Whether you’re dying for a little doer-upper or would prefer to move straight into a new build, you can’t escape the fact we’re a nation of DIY fanatics who love to get stuck into a project.

Around 300,000 homes are renovated or extended each year, according to Homebuilding & Renovating magazine – and you don’t have to look far to find a skip outside someone’s house these days.

Homebuilding & Renovating’s Natasha Brinsmead says do your homework first: “Almost all properties have some potential for renovation - the key is assessing design and financial potential before committing. Be realistic about factors you can’t change, and be bold about what you can.

“An assessment of a house you’re interested in should involve at least two viewings (one of which should be recorded for future analysis) so you can get as many questions answered as possible.

“A structural survey is a great starting point, but you need to carry out a comprehensive analysis of where the key problems are before turning your mind to the key areas for development.

“Almost all structural problems are solvable to some degree, but the more severe will impact on your ability to finance the project and insure the end result.”

[Read more: Top tips for building your dream home from scratch]

Spot the potential

The key to finding a great project is being able to see past the pebble-dashing and picture what it could become. Look for warning signs such as cracks more than 3mm wide that might indicate subsidence, says Natasha, but also check for space to extend into.

Is it a corner plot or a two-bed detached bungalow with room to extend? Have other people in similar homes done loft conversions on the street? And think about the location. What are the schools like in the area? Is there off-road parking? Those are things you can’t change, whereas you can solve most structural issues.

Be realistic

Many older homes will have a bathroom on the ground floor – and nothing upstairs – and a small kitchen you’ll probably want to extend. But these structural changes will cost money, so make sure you’ve factored them into your budget so you’re not living with inconvenience while trying to save up to put things right.

Back to basics

Once you’ve had an offer accepted, it’s wise to pay for a full structural survey to be carried out on the property, which should throw up a list of things that need putting right. For old houses, these can include rewiring, replacing or even installing a central heating system, repairing the roof and correcting any damp and structural issues.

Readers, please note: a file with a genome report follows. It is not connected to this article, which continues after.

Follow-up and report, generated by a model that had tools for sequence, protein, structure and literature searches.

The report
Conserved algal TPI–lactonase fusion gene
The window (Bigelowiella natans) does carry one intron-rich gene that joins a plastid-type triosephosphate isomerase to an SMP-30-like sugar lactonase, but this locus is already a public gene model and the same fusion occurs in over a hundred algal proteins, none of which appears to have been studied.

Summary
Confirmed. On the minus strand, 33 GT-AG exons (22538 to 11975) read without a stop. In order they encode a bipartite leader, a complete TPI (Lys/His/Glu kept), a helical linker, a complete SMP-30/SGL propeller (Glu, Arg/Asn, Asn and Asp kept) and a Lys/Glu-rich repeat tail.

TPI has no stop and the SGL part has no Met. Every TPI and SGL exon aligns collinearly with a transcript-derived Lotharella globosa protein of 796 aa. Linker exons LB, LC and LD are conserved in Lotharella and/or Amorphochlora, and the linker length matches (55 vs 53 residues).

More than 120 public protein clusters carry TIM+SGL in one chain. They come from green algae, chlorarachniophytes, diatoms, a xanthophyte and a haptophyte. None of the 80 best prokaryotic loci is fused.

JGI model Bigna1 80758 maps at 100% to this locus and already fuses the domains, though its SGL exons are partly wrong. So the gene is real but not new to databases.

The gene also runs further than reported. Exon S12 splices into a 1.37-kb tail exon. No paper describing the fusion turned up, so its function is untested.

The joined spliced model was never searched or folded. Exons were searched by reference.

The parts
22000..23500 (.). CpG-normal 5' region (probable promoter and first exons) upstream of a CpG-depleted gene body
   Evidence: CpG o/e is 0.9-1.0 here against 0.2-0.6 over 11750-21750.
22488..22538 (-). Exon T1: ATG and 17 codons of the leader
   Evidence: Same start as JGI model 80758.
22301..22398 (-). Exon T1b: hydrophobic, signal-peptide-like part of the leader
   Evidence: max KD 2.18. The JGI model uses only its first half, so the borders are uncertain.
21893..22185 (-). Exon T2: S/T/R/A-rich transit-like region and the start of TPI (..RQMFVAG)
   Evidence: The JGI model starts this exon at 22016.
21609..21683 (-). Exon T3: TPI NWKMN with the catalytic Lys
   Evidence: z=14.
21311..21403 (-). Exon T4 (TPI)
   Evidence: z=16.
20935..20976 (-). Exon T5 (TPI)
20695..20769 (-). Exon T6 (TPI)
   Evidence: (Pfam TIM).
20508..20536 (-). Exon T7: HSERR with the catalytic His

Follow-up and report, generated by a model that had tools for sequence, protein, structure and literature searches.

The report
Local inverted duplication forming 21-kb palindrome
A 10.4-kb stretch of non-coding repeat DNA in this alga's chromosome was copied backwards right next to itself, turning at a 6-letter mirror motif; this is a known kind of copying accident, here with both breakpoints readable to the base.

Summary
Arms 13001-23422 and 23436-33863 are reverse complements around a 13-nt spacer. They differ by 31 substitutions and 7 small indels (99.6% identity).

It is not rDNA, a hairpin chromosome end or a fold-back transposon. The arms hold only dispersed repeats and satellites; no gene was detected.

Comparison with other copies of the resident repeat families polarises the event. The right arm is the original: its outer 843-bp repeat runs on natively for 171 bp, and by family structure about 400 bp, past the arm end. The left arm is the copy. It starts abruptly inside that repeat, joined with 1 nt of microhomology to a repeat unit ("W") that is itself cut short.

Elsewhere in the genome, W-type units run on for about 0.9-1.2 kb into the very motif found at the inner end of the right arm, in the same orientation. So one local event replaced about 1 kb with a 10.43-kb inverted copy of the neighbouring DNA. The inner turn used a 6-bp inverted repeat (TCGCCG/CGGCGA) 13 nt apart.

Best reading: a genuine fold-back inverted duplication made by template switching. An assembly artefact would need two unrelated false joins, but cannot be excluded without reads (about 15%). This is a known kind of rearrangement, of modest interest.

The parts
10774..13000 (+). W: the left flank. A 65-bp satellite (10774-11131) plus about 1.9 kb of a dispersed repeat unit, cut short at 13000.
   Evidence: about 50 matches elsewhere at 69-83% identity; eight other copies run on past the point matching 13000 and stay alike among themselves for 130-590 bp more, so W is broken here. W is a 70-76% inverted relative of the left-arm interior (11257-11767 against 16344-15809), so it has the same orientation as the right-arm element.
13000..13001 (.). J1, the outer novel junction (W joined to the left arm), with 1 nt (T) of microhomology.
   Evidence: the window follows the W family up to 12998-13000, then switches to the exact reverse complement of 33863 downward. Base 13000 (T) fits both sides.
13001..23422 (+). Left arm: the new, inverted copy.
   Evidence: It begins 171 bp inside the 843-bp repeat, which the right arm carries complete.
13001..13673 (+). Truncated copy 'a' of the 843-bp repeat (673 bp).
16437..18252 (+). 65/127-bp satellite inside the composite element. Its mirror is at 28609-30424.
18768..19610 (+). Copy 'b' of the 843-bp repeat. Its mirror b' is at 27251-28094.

Make sure you do things in the right order – there’s no point plastering over the cracks before you know what’s causing them.

Repair versus replace

Part of the fun of renovating an old property is restoring original period features to their former glory, including tiled floors, wooden doors, sash windows and fireplaces. But you need to weigh up whether it’s more cost-effective and aesthetic to repair or replace.

[Read more: 3 things you need to know before renovating a listed building]

If your house is in a conservation area, you may need planning permission to change interior doors and windows. Chemically dipping doors to strip off gloss paint can cost from as little as £12 per door, says Natasha, while timber floor restoration specialists charge from £35 per square metre.

When it comes to original windows, Natasha says: “Do all you can to rescue them before you even consider replacing. Even if there is extensive damage, such as wet or dry rot, they can always be repaired - conservationists advise that, providing there is at least 50% of the original remaining, a window should be repaired.”

Think open-plan

Some people will move from project to project while others will consider this a long-term family nest, but whatever your circumstances, it pays to think about adding value to your property to sell it on in future. Open-plan living is always desirable, so consider knocking through walls to create a kitchen-diner – or how you could extend to get that dream kitchen.

However, internal remodelling can be an expensive business if load-bearing walls need to be replaced with structural steelwork – and you might need to think about changes in floor level, says Natasha: “Bear this in mind when considering knocking two rooms into one as getting the floors level will add to costs.”

Have you done up an old house? Share your experience and give us your tips in the Comments section below.